The Jazz Institute of Chicago was founded in 1969 by a small band of jazz fans, writers, club owners and musicians who came together to preserve the historical roots of the Chicago's music and to ensure that opportunities for the music to be heard would not be lost in a time when rock was subsuming cultural economics. Among the founding members were trad pianist Art Hodes, Muhal Richard Abrams, who a few years earlier had also co-founded the Association for the Advancement of Creative Musicians (AACM), Harriett Choice, then music writer for the Chicago Tribune, Joe Segal, whose Jazz Showcase has kept the flame for bebop lit for 50 years, Bob Koester, owner of Delmark Records, Don DeMicheal, drummer and editor of Downbeat magazine, jazz promoter and supporter Penny Tyler and several other devoted souls.
The operating principle was, and continues to be based on the recognition that all forms of the music should be equally represented in whatever we do. From the Annual Jazz Fair that we began in 1979 to the Chicago Jazz Festival which we began programming in 1979, to the hundreds of concerts and programs presented all over the city, we have sought to open peoples' ears to new music by standing the familiar and the unfamiliar side by side. In the 80's we brought a jazz curriculum into the Chicago Public High Schools that became a template for similar programs all over the country.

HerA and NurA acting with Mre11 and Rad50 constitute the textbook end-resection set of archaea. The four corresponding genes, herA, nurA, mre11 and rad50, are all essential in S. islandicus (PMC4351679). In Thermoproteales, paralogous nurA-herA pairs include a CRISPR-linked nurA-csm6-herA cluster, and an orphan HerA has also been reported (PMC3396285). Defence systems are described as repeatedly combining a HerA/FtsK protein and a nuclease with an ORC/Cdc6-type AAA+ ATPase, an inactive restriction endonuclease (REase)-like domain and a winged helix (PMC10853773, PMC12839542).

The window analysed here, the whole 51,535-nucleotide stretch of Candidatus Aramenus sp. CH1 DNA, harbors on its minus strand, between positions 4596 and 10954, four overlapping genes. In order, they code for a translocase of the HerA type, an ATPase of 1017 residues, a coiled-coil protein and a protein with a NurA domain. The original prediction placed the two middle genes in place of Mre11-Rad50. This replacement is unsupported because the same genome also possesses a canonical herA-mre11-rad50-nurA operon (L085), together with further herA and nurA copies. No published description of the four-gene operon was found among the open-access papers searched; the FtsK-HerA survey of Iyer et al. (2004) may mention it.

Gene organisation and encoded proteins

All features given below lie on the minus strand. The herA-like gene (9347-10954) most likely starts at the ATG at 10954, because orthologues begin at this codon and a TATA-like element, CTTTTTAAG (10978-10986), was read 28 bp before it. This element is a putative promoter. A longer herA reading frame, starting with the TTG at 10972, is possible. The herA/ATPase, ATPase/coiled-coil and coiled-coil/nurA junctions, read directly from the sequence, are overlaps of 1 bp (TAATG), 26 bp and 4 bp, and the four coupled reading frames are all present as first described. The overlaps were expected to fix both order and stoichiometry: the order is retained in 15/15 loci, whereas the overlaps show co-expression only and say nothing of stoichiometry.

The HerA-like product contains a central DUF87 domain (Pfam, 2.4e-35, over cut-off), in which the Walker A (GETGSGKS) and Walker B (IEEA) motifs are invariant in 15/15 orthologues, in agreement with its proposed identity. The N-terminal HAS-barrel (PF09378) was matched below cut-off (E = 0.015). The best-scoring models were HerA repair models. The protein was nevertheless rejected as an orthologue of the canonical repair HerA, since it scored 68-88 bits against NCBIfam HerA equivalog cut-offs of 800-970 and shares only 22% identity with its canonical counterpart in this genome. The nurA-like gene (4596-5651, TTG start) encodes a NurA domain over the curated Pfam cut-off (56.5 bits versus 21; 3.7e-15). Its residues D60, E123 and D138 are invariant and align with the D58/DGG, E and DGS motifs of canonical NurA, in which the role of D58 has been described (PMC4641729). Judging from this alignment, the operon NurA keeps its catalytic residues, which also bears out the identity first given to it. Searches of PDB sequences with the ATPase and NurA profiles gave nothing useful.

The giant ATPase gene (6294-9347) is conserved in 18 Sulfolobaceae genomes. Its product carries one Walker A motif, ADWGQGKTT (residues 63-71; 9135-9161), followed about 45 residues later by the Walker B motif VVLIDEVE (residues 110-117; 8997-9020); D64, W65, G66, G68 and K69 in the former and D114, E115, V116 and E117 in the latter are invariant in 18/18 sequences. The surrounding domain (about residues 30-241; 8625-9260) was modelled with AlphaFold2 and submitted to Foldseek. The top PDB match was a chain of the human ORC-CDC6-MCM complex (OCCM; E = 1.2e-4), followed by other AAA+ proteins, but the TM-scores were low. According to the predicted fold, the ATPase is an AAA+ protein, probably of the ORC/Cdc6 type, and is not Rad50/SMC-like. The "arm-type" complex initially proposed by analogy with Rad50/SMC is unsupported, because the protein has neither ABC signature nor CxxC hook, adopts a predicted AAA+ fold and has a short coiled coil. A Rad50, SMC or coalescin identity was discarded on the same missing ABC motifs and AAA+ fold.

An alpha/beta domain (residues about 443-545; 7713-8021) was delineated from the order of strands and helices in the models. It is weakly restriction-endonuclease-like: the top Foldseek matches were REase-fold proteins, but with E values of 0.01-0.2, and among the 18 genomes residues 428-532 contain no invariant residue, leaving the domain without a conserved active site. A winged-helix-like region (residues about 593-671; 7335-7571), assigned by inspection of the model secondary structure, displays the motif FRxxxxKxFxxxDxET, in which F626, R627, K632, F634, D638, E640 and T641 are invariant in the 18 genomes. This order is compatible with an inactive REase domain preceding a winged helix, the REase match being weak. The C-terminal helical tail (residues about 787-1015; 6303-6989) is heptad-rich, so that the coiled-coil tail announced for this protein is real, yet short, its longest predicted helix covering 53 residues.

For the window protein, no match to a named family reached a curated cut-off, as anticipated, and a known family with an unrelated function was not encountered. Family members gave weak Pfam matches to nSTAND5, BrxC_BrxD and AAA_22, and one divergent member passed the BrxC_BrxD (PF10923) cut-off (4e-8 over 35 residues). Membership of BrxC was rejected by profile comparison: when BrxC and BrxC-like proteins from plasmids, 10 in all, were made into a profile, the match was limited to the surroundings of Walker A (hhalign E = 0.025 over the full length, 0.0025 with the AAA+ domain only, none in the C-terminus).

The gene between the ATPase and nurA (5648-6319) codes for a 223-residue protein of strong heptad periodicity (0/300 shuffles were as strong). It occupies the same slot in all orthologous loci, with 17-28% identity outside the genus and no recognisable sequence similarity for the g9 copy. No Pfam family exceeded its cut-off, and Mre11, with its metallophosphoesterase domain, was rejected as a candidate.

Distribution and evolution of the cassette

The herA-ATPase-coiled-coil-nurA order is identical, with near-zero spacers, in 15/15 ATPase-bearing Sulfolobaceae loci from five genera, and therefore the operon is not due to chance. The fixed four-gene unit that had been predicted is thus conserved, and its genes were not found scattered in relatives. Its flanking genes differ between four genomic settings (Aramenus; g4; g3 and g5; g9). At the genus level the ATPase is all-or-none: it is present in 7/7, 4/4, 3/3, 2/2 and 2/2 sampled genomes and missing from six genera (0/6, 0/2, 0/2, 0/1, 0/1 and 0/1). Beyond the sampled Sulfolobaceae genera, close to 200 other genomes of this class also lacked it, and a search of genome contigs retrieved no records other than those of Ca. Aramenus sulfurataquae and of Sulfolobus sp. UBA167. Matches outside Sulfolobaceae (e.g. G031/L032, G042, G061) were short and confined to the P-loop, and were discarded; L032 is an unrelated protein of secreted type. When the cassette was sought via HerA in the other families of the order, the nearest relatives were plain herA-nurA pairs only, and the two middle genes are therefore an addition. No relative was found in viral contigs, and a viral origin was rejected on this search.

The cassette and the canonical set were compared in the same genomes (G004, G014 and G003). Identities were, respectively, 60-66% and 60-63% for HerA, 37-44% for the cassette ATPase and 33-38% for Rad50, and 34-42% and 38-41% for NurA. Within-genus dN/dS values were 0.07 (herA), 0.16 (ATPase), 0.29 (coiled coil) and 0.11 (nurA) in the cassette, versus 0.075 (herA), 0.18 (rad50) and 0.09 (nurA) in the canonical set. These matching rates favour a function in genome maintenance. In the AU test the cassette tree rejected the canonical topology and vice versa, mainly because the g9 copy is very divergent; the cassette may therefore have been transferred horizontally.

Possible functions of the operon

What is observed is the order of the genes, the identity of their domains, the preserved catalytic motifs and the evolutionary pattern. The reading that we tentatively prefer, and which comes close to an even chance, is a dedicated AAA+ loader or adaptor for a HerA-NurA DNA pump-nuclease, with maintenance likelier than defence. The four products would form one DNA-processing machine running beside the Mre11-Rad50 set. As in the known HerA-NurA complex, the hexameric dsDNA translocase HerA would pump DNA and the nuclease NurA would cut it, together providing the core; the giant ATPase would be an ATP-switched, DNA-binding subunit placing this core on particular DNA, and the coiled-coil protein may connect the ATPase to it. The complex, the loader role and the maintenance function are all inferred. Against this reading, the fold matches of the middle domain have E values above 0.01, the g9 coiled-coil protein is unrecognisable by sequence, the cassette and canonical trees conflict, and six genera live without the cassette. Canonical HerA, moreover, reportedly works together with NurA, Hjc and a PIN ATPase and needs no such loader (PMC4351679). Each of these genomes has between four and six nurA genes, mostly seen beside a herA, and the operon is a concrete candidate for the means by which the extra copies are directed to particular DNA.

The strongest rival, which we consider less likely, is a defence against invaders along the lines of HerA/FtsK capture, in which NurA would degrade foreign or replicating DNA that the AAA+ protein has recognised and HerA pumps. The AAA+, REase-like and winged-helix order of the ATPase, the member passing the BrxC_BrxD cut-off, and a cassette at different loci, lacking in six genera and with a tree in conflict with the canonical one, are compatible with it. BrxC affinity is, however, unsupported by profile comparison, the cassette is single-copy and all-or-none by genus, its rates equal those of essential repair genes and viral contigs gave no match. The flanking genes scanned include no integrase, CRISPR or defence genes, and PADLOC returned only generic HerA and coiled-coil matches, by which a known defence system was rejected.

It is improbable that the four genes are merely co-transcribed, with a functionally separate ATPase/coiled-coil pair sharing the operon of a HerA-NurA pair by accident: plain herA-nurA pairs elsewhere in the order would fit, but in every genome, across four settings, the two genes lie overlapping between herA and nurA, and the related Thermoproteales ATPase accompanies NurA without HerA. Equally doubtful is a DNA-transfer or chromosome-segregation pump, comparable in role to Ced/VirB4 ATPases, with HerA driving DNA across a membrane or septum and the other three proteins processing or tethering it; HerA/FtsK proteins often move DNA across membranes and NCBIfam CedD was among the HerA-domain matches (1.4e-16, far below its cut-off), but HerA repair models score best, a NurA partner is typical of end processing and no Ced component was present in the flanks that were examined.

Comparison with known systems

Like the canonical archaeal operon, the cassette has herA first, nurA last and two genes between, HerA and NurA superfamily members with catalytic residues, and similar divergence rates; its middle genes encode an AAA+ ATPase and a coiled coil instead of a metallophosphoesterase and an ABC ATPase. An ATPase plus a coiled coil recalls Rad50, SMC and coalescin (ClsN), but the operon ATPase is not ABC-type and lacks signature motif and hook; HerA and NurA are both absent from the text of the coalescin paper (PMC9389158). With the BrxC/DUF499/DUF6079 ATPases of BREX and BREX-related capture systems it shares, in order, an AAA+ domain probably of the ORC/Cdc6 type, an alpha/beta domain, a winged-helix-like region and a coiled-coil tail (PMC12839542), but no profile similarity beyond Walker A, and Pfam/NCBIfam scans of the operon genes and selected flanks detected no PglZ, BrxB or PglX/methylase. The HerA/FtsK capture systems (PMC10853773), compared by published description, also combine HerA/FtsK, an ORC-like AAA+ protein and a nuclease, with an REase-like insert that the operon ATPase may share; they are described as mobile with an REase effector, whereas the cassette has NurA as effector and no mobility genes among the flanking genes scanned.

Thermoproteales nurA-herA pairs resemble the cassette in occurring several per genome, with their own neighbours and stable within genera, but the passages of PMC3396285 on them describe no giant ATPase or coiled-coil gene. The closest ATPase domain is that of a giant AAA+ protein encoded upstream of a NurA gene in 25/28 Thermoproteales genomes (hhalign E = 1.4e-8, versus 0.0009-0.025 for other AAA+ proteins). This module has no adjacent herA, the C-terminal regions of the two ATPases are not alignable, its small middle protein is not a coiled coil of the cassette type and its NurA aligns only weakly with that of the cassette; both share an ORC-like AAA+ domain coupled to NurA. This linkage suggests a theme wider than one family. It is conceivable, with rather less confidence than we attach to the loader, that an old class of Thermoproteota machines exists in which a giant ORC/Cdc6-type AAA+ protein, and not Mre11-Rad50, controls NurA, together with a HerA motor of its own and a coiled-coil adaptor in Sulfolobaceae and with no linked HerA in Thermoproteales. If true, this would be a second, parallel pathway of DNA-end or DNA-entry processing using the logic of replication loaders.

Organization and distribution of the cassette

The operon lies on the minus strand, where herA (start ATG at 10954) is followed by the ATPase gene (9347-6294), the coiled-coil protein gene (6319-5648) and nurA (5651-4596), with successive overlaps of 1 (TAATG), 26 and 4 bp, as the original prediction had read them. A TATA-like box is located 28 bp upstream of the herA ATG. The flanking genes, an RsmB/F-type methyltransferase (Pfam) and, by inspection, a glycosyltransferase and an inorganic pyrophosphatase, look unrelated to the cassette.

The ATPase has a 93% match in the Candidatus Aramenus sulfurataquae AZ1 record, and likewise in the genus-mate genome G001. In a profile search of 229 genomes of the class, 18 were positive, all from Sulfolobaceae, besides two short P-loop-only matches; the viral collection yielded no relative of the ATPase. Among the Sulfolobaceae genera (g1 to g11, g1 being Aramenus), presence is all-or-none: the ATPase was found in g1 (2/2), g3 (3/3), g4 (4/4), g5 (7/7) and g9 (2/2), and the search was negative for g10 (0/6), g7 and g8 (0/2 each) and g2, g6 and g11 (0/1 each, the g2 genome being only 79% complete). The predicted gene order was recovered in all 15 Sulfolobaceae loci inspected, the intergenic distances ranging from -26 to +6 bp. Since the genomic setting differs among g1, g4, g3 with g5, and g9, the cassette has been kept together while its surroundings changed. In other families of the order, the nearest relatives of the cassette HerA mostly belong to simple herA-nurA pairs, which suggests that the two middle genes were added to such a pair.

In 1997 we began a partnership with the Chicago Park District. The citywide JazzCity concert series brings Chicago's stellar talent right into the neighborhoods, for free. In 1999 the American Composers Forum joined us in initiating the Chicago Composers Project, to commission composers to create collaborative compositions with residents of the city's communities. We began by celebrating the storied history of Chicago's Bronzeville neighborhood--home to Louis Armstrong and numerous other important jazz innovators. Then to Humboldt Park where Afro-Caribbean music found it's way into the city's heartbeat. In 2001 the diversity of Asian communities in Chicago was explored and in 2002 our large Polish population contributed to the effort.
Our Jazz Links education programs are a partnership with music teachers working in Chicago public schools. It jumped off in 2003 with musician residencies in public high schools, the regeneration of the All City High School Jazz Band Competition and monthly Jazz Links Student Jam Sessions. We have since developed dynamic professional development workshops and a summer camp for jazz band teachers and a Student Council whose members perform around the city.
We undertake these endeavors because we want to ensure that new audiences continue to be developed for the music, and that Chicago's place in its history be recognized and presented. We are committed to ensuring that the great jazz legacy of Chicago will continue to enrich and inspire our lives for many generations to come.